I jumped in head first. I bought the latest update to Apple’s OS X operating system the day it was released. Though this can be a risky move because OS X 10.7 (aka Lion) is a major upgrade and, as such, incorporates a number of dramatic changes to the code as well as the staple applications that make up Apple’s operating system. Plus, the chances are high that some of the software installed on my computer will not be compatible with the new system.
macm I didn’t have a life jacket either. I reasoned the change was worth the risk. I might have problems, and these problems would take time to solve, time that I need to put toward client work and other projects. I was confident, though, in my gamble.
Today, after one week of using the new system, I’m happy to report my initial impressions. If you haven’t made the upgrade yet, I share with you some things to look out for as well as some thoughts on the fundamental changes Apple made to the way we will interact with our machines in the future.
— Installation —
1) Download Only. No Install Disk
There is no install disk. You must purchase the system update from the Mac App store. If you never upgraded to OS X 10.6 (Snow Leopard) you’ll need to purchase and install this first.
I found that after purchase, download and restart that Lion didn’t simply install automatically for me. Perhaps because I have several start-up items and there was a dialog box that waited for my response. No problem. In my applications folder I found the installer titled “Install OS X” and launched that and the installer performed the operation flawlessly and quickly. Total time about 1hour after download.
2) SpamSieve Users Beware
If you are using SpamSieve, the client-side email SPAM filter for Mac OS X and mail.app watch out. SpamSieve works as a plug-in to Mail.app and through the software update had already updated. However, during the install process that plugin is deactivated. The problem with this is that the mail “rule” that SpamSieve uses to filter and then file all mail it rates as “JUNK” or “SPAM” somehow is changed so that the rule reads after install “File All Mail As Spam (or Junk).” Imagine my surprise after OS X 10.7 Lion updated the Mail.app database, that all of a sudden I was receiving no mail. That’s right. All of my mail was marked as SPAM and filed in a SPAM folder.
The fix is easy. Just launch the SpamSieve app from the application folder and restart Mail. For most people this might be a minor inconvenience, but for this user with several mailboxes and a very heavy volume of mail, it took a couple hours to sort through the SPAM folder and find the real mail.
— Operational Changes We Must Get Used To —
3) Scrolling. What’s Up is Down and What’s Down is Up.
If you haven’t already heard, Mac OS X 10.7 Lion has changed the scrollbars and the way we scroll. Taking a cue form iOS (the system running iPhones and iPads) to scroll down a page you must gesture or scroll up. While Apple is quick to note that the metaphor it uses with this logic is that of a piece of paper on your desk if you push it with your fingers up then you’ll see more of the text that is written on the bottom of the page. To those of youwho’ve been using Macs or PCs for years and are accustomed to the opposite, this is really not new. I don’t expect many of your to remember, or even have used in the past, typewriters, But in the old days of typing, when a piece of paper is inserted into the machine (carriage) the move to advance the paper would be a push of the paper advance upward—just like Mac OS X 10.7 and just like your iPad or iPhone apps.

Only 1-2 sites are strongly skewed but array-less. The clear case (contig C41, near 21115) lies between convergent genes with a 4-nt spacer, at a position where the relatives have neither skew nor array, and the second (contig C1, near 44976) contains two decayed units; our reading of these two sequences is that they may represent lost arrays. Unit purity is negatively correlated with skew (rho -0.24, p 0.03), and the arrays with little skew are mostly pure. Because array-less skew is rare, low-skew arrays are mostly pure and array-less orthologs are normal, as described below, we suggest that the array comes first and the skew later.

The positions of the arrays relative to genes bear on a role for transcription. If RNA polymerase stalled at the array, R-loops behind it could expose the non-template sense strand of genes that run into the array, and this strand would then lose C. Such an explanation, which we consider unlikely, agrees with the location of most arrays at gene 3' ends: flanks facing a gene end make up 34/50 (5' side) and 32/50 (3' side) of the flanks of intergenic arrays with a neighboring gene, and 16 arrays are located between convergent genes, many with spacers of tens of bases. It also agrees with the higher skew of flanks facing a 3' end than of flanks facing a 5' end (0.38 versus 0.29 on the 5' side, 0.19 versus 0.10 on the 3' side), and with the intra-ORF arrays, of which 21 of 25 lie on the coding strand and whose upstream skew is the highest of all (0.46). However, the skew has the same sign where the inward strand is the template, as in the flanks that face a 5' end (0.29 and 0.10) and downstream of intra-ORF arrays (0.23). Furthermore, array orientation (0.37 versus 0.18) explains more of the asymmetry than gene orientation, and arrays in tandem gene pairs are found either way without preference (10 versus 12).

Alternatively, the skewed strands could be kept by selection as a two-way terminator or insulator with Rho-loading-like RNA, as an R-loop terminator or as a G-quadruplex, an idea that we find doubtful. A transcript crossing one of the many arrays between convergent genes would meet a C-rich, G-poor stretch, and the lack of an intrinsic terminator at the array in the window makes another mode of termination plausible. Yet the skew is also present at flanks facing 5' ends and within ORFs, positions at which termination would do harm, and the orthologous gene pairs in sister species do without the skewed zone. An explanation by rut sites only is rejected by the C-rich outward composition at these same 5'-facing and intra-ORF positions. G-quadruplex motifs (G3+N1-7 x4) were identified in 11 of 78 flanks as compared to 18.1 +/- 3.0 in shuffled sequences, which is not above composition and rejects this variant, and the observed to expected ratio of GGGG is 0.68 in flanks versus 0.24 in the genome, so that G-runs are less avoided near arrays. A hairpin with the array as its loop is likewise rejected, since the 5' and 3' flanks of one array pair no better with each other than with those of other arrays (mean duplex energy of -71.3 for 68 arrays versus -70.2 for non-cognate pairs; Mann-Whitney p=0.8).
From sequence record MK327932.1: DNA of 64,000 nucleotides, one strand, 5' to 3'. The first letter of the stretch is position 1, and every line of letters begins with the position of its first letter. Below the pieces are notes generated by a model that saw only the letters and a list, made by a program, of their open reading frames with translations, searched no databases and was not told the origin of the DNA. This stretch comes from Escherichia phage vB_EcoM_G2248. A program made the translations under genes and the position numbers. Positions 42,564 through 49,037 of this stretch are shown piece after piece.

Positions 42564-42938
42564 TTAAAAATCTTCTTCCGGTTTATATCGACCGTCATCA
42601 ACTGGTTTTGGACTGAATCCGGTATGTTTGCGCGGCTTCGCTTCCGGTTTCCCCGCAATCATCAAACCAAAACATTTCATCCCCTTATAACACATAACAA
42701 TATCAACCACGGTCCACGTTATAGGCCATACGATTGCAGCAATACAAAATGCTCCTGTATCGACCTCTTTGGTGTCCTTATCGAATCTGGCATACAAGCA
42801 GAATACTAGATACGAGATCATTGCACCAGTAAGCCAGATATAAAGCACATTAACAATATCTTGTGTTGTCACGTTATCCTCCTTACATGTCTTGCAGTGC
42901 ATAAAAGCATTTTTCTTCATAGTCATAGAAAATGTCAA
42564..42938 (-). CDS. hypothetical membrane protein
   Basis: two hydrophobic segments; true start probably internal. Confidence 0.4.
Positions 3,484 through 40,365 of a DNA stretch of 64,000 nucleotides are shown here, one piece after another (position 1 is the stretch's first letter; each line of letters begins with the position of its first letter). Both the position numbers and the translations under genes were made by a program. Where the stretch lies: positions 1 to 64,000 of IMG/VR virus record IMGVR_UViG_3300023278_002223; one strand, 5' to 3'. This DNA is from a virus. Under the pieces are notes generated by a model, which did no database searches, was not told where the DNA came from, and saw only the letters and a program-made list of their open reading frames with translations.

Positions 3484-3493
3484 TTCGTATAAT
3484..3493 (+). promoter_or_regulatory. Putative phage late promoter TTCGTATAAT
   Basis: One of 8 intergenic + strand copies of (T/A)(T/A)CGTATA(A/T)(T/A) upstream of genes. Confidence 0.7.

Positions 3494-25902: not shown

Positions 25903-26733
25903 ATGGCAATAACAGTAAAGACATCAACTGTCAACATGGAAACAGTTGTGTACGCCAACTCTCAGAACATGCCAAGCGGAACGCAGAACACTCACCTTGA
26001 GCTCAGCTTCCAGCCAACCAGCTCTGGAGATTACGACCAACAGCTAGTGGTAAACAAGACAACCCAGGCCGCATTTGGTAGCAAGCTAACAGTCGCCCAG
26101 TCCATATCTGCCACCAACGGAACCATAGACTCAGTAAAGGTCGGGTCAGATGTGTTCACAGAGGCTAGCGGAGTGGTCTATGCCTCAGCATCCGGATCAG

It’s the use of one, two, three and four fingers in various combinations (what Apple calls gestures) that represent the biggest changes to the new operating system. Scrolling is the biggest.
4) Horizontal Moves. Scrolling
I was boggled that the familiar right and left arrows on the Safari browser tool bar were more or less muted, or provided less contrast than in the past. Accustomed to moving back to review web pages previously viewed and forward again to the “current” page, I wondered why Apple dumbed down the interface and stripped out much of the contrast and contour. That is until I realized that a simple swipe right would take me to the previous page, and another and another. Swiping left would bring me back. This is absolutely an incredible advancement to web browsing.
However, if you have been a mouse user and haven’t upgraded to the newer Apple mice (Magic Mouse) or have never used a laptop and Apple’s TouchPads and therefore haven’t had a true experience with Apple’s Multi-touch surface, you have no idea what I’m talking about. Or perhaps you’re like the several friends of mine who I just learned did not realize that sculling and other gestures can be done using this multi-touch surface. It’s time you take a break and understand that things are getting much easier.
I have a Magic Mouse. And I have a MacBook Pro with a Multi-Touch surface. I also have a Magic Trackpad. All of these can be used with Apple’s Multi-Touch Gestures. There’s no reason to use scroll bars anymore. Hasn’t been for a few years. But now with Lion, the gestures (like those we use on the iPhone and iPad) have come to our desktop and portable computers. And the best implementation is this ability to swipe back and forth through webpages.